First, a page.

As the world tuned into England v Australia, at Hove the best European teams were battling it out for a place at the World Twenty20. Francis Kelly reports.

Life for the majority of associate and affiliate member sides provides few opportunities to partake in a global spectacle.

Matches occur on an intermittent basis; regional tournaments and World Cricket League their usual method of competition, with teams scheduling fixtures against county second XIs whenever possible.

So when 12 nations from the depths of European cricket descended on the Sussex coastline last week, for a tournament that saw the two finalists secure the last two spaces at the World Twenty20 Qualifiers, it was one the underdogs crave.

Contested over seven days at local Sussex clubs Horsham and Preston Nomads before finals day at Hove, the tournament was a rare occasion for the teams to compete in pressurised situations.

Alongside the all-expenses-paid trip to the United Arab Emirates in October, where the qualifiers are being hosted, the prospect of challenging superior opposition is an enticing proposition for the final two.

A gaggle of spectators embraced the delights of associate cricket on show at Hove, including a wedding party who brought a touch of the IPL to proceedings, enjoying a fine display of six-hitting while dancing to electro-pop in the pavilion.

The day got off to a slow start, Italy eventually overcoming Jersey in a low scoring semi-final, before Denmark hit their way to the highest tournament total in the second fixture against Guernsey.

The score, 226, was the third highest seen in a T20 at Hove, where the familiar names of Matt Prior and Monty Panesar were replaced with the lesser-known Freddie Klokker and Aftab Ahmed.

It meant a repeat of the previous final, which Denmark won but were unable to defend here.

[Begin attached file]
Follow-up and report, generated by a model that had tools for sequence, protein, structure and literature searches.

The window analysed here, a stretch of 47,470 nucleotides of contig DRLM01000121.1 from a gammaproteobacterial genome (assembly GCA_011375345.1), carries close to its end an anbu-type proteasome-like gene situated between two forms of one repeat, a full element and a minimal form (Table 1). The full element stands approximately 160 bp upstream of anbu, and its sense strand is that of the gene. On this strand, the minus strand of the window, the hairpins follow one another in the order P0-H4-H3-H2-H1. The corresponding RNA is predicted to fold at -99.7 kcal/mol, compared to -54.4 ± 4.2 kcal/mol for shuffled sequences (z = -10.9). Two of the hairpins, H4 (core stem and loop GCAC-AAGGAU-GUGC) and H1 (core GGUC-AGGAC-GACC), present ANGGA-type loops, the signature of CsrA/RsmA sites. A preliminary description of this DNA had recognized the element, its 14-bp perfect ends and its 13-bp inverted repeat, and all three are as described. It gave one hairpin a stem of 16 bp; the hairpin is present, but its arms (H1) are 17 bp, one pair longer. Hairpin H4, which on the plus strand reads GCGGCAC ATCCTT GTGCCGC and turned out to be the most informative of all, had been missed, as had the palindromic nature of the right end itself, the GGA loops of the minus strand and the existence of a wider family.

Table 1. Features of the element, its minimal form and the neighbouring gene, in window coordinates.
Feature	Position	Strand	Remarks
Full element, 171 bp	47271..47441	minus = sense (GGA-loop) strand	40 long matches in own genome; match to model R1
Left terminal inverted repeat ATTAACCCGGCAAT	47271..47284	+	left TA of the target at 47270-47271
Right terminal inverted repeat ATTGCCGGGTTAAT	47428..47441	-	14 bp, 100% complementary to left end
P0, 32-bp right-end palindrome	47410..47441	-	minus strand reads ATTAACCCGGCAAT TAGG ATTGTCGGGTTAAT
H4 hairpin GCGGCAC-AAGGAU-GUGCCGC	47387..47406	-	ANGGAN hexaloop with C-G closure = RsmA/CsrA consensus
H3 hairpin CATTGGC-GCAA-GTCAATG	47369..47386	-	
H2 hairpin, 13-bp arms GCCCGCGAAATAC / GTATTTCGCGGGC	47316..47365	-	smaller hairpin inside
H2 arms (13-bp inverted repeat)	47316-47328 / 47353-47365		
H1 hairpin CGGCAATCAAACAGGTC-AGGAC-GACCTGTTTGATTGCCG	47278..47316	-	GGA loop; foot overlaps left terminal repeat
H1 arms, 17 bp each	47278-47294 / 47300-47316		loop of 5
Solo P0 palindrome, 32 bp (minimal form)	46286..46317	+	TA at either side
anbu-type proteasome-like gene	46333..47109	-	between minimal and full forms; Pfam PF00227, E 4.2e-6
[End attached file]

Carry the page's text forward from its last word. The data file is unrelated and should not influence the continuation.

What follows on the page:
Dinidu Marage, with putty like wrists, impressed with his malleable and rangy his shots behind square, while devastating knocks by Andy Northcote and Damian Cowley gave Italy an impressive score of 215.

Denmark hit back through Klokker, but after his dismissal Italy slowly etched their way to an 18-run victory under the lights.

Jubilant Italy captain Cowley, told The Cricketer: “I’m over the moon, we’ve picked ourselves up, and, after a relatively disappointing semi-final score, we’ve shown what we’re capable of. We’re going to really celebrate and enjoy the moment.

“Last time we went [to the UAE] ranked 15th and left ranked 10th, so we’re looking to improve on that. As long as all the guys are having a good time and improving as cricketers then I’ll be very proud.”

The ex-Derbyshire and Warwickshire player Klokker remained diplomatic about the result, instead focusing on reaching the qualifiers.

“It will be good to see how the boys get on under pressure,” he says. “You don’t know what you’re up against and only see the true person when in that position. We don’t play enough of that in Denmark, so it will be interesting to see how the boys play.

“We have a much improved side from two years ago but there is a massive difference between this and the tournament in the UAE. The gap between us and the bigger teams is so big, but it’s twenty20 cricket and anything can happen. The belief has to be there that we can beat most sides.”

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